Steakhouse Honey Wheat Dough ready to rise

Put the dough into the bowl top side down and then turn it over so that the top gets coated with a bit of the cooking spray. Cover the bowl with plastic wrap and set it in a warm place to rise. The interior of your oven with the light on is usually just warm enough.

Steakhouse Honey Wheat Dough after rising

Let the dough rise for 1 to 1 1/2 hours or until doubled in size.

Shaping dough for Steakhouse Honey Wheat Bread

When the dough has doubled, turn it out and cut it into 6 portions. There’s no need to punch the dough down. Just let it deflate naturally as you remove it from the bowl. Form each portion into either a 6-inch loaf shape or a round mini-boule.

Dusting Steakhouse Honey Wheat Bread with cornmeal

Pour a small amount of cornmeal onto your work surface. Moisten each dough portion very lightly by wetting your hands, removing most of the water and rubbing your hands over the dough. Roll the lightly moistened loaves in cornmeal to coat. Gently pat to remove any excess cornmeal.

Final rise for Steakhouse Honey Wheat Bread

Place the loaves on a lightly oiled baking sheet. Cover with plastic wrap and set aside to rise for another hour or until doubled in size.

Preheat the oven to 350 degrees. Uncover the dough and bake for 35-40 minutes. Remove from the oven and allow to cool for 10 to 15 minutes. A word of caution – because this bread has instant coffee granules in the dough, there is going to be a faint smell of burnt coffee while it bakes. I even became so concerned that I opened the oven and turned one loaf over to check while it was baking – something I almost never do. Don’t worry! The bread is not burning. It’s just that coffee interacting with the hot baking sheet.

Serve with plenty of butter.

Note: if you want your bread to be a darker color like the bread served at the steakhouse, you can optionally add food coloring to achieve that result. You’d need to add 1 1/4 teaspoons of red, 1 teaspoon of yellow, and 1 teaspoon of blue. Stir it into the yeast and water before adding it to the water. I’m perfectly happy with the color of the bread without the added coloring.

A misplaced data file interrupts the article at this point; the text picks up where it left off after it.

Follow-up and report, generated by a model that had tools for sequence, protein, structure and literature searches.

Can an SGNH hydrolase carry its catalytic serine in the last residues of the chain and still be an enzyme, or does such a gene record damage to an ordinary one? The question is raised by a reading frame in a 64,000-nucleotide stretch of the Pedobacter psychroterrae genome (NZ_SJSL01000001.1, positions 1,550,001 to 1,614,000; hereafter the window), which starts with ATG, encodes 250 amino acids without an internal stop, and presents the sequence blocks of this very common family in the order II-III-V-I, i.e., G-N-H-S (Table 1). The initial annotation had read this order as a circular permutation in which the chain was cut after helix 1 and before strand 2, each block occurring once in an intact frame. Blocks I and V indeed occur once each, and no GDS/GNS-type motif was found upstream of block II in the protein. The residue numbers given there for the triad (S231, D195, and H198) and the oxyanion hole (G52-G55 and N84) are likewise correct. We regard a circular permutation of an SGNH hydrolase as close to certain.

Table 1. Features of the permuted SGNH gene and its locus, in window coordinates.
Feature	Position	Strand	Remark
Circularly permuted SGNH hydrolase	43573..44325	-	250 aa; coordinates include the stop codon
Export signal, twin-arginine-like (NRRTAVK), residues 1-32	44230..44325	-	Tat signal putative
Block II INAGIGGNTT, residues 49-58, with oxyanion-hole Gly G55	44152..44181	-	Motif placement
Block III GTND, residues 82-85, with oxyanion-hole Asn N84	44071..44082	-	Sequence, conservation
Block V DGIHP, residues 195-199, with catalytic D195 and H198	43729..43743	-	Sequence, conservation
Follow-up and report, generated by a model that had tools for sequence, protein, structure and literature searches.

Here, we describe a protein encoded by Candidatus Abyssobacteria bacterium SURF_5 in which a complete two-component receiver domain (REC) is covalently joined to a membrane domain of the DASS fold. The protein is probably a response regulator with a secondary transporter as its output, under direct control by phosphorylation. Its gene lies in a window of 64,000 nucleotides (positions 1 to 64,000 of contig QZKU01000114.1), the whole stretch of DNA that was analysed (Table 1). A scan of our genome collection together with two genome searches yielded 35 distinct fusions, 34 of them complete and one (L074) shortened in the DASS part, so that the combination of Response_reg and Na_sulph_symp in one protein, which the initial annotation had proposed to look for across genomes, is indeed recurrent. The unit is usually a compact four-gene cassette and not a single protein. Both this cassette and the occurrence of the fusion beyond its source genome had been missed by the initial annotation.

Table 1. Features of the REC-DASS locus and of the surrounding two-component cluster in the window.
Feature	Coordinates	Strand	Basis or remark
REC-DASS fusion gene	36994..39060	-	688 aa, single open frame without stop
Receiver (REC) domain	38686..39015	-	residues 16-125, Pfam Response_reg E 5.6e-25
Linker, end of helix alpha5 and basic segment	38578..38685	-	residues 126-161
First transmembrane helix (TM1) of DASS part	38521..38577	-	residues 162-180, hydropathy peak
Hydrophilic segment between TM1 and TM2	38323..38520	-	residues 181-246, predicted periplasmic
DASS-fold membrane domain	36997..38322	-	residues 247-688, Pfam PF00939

Enjoy!

Steakhouse Honey Wheat Bread

Prep Time: 10 minutes

Cook Time: 35 minutes

Total Time: 3 hours, 30 minutes

Yield: 6 mini loaves

Steakhouse Honey Wheat Bread

A copycat recipe for the famous dark bread served at Outback Steakhouse.

Ingredients

  • 1 1/4 cups warm water (105-110 degrees)
  • 2 tsp. sugar
  • 1 pkg. (2 1/4 tsp.) active dry yeast
  • 2 cups bread flour
  • 1 3/4 cups whole wheat flour
  • 1 tblsp. cocoa
  • 2 tsp. instant coffee granules
  • 1 tsp. salt
  • 2 tblsp. butter, softened
  • 1/4 cup honey
  • 2 tblsp. molasses
  • Yellow cornmeal for dusting

Instructions

  1. Proof the yeast: measure the warm water into a two-cup or larger measure. Add the sugar and yeast. Stir to dissolve. Within 5 minutes the yeast should have begun to bubble and grow.
  2. While the yeast proofs, mix the flours, cocoa, coffee, and salt in a large bowl. Stir together with a whisk.
  3. Using your fingers, mix the softened butter into the flour mixture.
  4. Make a well in the center of the dry mixture and add the honey, molasses, and yeast-water mixture. Stir from the middle, bringing the dry ingredients gradually into the wet. You can start out with a wooden spoon but will need to use your hands to finally bring the dough together.
  5. Turn the rough dough out onto a lightly floured surface. Knead for 10 minutes adding small amounts of flour to the kneading surface only if needed.
  6. Let the dough rest for a few minutes while you wash and dry the bowl that you used to mix it in. Spray the inside of the bowl with cooking spray. Put the dough into the bowl top side down and then turn it over so that the top is coated with a bit of the cooking spray.